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    In this paper, we address the challenging problem of optimal experimental design (OED) of constrained inverse problems. We consider two OED formulations that allow reducing the experimental costs by minimizing the number of measurements. The first formulation assumes a fine discretization of the design parameter space and uses sparsity promoting regularization to obtain an efficient design. The second formulation parameterizes the design and seeks optimal placement for these measurements by solving a small-dimensional optimization problem. We consider both problems in a Bayes risk as well as an empirical Bayes risk minimization framework. For the unconstrained inverse state problem, we exploit the closed form solution for the inner problem to efficiently compute derivatives for the outer OED problem. The empirical formulation does not require an explicit solution of the inverse problem and therefore allows to integrate constraints efficiently. A key contribution is an efficient optimization method for solving the resulting, typically high-dimensional, bilevel optimization problem using derivative-based methods. To overcome the lack of non-differentiability in active set methods for inequality constraints problems, we use a relaxed interior point method. To address the growing computational complexity of empirical Bayes OED, we parallelize the computation over the training models. Numerical examples and illustrations from tomographic reconstruction, for various data sets and under different constraints, demonstrate the impact of constraints on the optimal design and highlight the importance of OED for constrained problems.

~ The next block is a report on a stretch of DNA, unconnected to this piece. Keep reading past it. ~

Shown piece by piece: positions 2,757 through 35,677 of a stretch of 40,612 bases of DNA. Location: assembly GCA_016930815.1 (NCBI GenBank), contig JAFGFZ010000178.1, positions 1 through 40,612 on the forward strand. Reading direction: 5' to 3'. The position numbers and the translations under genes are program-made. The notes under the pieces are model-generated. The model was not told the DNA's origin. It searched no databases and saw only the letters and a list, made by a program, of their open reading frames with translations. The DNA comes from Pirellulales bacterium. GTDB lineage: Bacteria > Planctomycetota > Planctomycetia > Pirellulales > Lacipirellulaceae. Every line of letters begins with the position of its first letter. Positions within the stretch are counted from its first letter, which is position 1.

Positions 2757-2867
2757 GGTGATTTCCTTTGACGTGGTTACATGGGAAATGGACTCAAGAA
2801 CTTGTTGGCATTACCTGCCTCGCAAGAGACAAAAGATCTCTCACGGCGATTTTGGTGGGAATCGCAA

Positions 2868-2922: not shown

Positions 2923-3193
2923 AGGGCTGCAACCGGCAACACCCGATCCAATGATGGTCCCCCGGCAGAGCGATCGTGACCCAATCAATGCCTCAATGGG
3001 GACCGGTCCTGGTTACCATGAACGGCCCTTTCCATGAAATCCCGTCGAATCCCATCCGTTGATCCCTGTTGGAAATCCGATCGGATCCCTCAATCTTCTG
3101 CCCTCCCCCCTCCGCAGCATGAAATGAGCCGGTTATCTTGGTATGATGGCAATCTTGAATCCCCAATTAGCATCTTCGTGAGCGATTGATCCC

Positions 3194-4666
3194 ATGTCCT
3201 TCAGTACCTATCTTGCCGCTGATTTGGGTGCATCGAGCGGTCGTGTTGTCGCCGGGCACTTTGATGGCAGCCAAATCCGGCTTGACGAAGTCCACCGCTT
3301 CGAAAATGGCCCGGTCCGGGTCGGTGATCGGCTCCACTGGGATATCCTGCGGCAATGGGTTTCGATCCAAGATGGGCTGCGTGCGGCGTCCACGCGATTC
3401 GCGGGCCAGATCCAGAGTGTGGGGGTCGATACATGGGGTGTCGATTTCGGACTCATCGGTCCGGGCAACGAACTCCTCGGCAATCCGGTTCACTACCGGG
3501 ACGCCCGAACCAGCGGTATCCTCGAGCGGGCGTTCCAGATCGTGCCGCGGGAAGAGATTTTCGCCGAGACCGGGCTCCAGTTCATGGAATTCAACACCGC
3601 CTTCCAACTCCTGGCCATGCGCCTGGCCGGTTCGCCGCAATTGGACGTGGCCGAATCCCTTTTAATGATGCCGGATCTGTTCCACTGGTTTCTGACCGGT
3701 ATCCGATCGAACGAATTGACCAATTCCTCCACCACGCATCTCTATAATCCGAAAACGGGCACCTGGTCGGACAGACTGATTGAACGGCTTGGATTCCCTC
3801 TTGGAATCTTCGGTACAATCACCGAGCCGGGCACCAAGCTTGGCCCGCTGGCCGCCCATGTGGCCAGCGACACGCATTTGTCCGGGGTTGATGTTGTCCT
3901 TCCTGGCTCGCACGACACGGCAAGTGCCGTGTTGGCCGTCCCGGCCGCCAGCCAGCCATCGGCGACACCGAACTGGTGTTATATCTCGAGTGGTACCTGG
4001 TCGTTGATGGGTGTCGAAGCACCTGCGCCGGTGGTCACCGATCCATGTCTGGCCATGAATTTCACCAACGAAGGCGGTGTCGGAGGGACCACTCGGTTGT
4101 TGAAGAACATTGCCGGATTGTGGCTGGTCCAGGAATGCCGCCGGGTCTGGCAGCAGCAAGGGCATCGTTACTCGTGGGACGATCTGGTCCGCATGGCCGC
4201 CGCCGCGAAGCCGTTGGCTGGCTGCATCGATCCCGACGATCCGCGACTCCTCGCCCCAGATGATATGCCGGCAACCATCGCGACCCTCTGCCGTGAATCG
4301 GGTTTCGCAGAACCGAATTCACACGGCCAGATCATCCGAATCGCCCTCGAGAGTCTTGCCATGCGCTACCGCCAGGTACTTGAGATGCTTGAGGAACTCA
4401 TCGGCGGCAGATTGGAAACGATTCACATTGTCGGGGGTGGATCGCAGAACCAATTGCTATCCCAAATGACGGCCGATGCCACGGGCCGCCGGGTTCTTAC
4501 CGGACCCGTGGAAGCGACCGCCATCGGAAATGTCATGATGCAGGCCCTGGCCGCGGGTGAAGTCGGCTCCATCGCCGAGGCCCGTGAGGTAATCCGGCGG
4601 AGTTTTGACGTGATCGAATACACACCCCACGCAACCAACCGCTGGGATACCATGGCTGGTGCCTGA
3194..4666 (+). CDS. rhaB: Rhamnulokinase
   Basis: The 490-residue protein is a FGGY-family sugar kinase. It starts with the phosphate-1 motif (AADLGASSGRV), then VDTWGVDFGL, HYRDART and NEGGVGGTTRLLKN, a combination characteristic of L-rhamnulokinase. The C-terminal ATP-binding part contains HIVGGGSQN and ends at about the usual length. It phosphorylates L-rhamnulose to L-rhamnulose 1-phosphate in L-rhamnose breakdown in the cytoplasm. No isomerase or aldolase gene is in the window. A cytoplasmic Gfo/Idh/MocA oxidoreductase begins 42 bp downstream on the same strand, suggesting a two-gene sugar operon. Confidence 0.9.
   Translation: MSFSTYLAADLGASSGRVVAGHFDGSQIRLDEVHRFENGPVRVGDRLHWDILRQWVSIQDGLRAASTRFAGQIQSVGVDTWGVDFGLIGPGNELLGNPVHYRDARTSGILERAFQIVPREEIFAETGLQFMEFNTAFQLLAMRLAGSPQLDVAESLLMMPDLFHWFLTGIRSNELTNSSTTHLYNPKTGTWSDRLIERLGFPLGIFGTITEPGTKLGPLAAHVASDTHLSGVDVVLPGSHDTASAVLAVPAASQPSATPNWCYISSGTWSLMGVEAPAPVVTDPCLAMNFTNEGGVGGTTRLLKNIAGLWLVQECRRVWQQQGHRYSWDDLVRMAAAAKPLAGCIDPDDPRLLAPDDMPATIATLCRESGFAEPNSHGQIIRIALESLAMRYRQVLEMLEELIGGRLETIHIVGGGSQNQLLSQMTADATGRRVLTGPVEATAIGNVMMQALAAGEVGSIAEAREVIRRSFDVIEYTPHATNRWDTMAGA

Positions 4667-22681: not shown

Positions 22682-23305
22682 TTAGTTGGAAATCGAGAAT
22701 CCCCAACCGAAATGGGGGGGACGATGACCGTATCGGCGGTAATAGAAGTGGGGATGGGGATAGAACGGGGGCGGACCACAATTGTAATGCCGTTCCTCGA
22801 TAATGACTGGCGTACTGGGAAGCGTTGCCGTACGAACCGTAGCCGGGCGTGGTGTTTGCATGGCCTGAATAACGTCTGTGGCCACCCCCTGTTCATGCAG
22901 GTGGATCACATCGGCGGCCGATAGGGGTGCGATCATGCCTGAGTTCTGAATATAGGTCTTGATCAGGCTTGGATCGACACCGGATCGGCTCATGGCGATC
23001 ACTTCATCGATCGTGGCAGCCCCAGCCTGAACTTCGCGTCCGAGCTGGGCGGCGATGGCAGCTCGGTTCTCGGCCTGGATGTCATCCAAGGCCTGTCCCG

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    In this paper we introduce a natural realization space for a polytope that arises as the positive part of an algebraic variety. The variety is determined by the slack ideal of the polytope, a saturated determinantal ideal that encodes the combinatorics of the polytope. The slack ideal offers an effective computational framework for several classical questions about polytopes such as rational realizability, projective uniqueness, non-prescribability of faces, and realizability of combinatorial polytopes. The simplest slack ideals are toric. We identify the toric ideals that arise from projectively unique polytopes as the toric ideal of the bipartite graph given by the vertex-facet non-incidences of the polytope. Several new and classical examples illuminate the relationships between projective uniqueness and toric slack ideals
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    We study the electroweak phase transition in three scalar extension models beyond the Standard Model. Assuming new scalars are decoupled at some heavy scale, we use the covariant derivative expansion method to derive all of the dimension-6 effective operators, whose coefficients are highly correlated in a specific model. We provide bounds to the complete set of dimension-6 operators by including the electroweak precision test and recent Higgs measurements. We find that the parameter space of strong first-order phase transition (induced by the $|H|^6$ operator) can be greatly probed in the $Zh$ production at future electron-positron colliders.